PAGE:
Friday, April 15, 2016

You put the lime in the coconut. . . Um, why is there wool in my blender?

Fear not intrepid adventurers, this blender, like the crock pot, toaster oven, and immersion blender before it has gone on to weirder things than it was originally designed for. As flocking was originally a byproduct of the manufacturing of wool cloth (I'm going to assume from when the cloths were fulled and shaved, but I haven't found specific mention) it isn't something I can lay my hands on. Well, that is not precisely true. Flocking fiber is easily obtainable from woodworking suppliers as craftsmen use it to line boxes (look, no fabric Ma!) and cover duck decoys. It is, however, made of rayon and nylon fibers rather than the historical wool. I have ordered some to try out so I can compare the durability and texture of whatever madness I manage to make and what the pros sell. You can get a kit with the flocking fibers, the color matched adhesive, and a mini-flocker that pumps air. Amazon carries them so I should be getting one on my doorstep soon.
In the meantime, I wanted to try some ideas out. A few years ago I saw an episode of The Fabric of Britain focused on the history of wallpaper and there was this wonderful section on the 18th century fad of flocked wall paper as well as of its origins in 1634 when Jerome Lanyer received a patent for the manufacture of flocked paper in Engliand. Allyson McDermott walks Paul Martin through the historical process of making the stuff. There are supposed to be some clips at the link under the picture but the aren't currently working for me. It could be my geographical location so I included the link in case it works for others. I would really have loved to watch it again to refresh my memory. One thing that I do remember clearly, however is that Allyson has a giant box to shake the paper and fibers in.

That is important, because I have a feeling this is going to be a lot like glitter. It will never, ever go away. There's a traditional family Christmas story that was told by my mother as I was growing up of the first Christmas that she and my father had together in their little apartment. My mom decided to flock the tree. In the kitchen. She also decided to make paper Santas with bottoms made of folded magazines spray painted red. Another project she chose to take on in the kitchen. The red flocking was apparently a sight to behold and was still very decorative come spring. As it remained until they moved.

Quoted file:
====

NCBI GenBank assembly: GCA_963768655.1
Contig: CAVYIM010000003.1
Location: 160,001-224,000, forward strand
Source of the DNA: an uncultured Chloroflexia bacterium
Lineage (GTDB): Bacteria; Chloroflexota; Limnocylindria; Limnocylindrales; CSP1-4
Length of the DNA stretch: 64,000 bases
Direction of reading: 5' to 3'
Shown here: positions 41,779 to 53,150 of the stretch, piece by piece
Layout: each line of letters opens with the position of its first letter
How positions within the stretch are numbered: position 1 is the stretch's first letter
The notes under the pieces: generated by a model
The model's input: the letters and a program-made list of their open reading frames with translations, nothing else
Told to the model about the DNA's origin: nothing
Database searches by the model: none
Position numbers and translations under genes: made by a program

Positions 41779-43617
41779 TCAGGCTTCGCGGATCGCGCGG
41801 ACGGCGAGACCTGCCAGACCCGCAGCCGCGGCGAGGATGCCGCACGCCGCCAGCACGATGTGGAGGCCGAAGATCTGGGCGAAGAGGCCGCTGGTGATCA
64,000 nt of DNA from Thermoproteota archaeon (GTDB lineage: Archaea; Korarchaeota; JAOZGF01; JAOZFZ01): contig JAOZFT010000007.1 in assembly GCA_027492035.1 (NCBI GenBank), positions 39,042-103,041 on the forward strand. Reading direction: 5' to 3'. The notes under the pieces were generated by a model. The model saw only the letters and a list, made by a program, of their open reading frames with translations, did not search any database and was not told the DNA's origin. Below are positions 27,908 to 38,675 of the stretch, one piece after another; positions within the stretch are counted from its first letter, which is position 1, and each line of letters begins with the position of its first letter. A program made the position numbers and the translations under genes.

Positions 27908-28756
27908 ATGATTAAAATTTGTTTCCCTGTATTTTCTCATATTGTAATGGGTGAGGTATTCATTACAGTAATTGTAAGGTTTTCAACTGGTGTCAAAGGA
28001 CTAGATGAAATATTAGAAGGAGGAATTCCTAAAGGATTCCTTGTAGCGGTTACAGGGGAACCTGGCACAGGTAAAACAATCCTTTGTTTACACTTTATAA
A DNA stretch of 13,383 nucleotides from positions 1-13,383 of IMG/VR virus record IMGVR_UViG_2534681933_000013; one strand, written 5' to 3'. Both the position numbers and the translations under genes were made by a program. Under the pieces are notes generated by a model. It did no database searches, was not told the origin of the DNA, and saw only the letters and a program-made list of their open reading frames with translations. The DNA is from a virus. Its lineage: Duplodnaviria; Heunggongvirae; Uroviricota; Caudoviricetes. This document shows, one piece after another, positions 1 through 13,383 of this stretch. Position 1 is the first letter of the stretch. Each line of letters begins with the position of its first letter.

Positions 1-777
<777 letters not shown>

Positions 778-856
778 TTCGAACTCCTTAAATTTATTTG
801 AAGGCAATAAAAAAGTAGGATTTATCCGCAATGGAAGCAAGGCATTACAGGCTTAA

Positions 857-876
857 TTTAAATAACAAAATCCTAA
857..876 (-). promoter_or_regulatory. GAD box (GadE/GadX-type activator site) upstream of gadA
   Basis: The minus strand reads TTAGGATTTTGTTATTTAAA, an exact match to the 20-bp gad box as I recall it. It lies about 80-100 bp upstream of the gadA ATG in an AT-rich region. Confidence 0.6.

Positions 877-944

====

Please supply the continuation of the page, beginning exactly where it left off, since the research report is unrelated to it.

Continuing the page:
While it is lucky we own our own home and thus my genetic legacy of harebrained crafting ideas won't get me thrown out on the street, episodes like the time I poured candles and reconditioned our countertops with beeswax in the process have made my husband wary. So I guess I'm getting a box with a good lid before I do anything of any size. First experiments will therefore be little samples.

Deep breath. Here goes. I started by taking a wool remnant I had hanging around and cut it into little bits with scissors.

That gave me a start. Obviously no consistency and it's not nearly fine enough.
 I threw it in my Ninja and pulsed it for about 4 minutes. I knew that wasn't going to be nearly long enough, but I could see some of the smallest bits being fine enough and I have a limited amount of time while my twins are at Kindergarten, so there's a deadline I'm fighting.
 I put a stencil down and brushed glue onto a cream silk taffeta. As I said, not fine enough, and not enough of the fibers that are, but I'm seriously encouraged. I'm using a generic craft that dries clear since that's what I had and I'm testing the wool first. I will need a heavier bodied, slower driving glue and I want to try tinting it to deepen the color of the finished design. Excitingly though, I think this might actually work. I'm going to chop more wool today.

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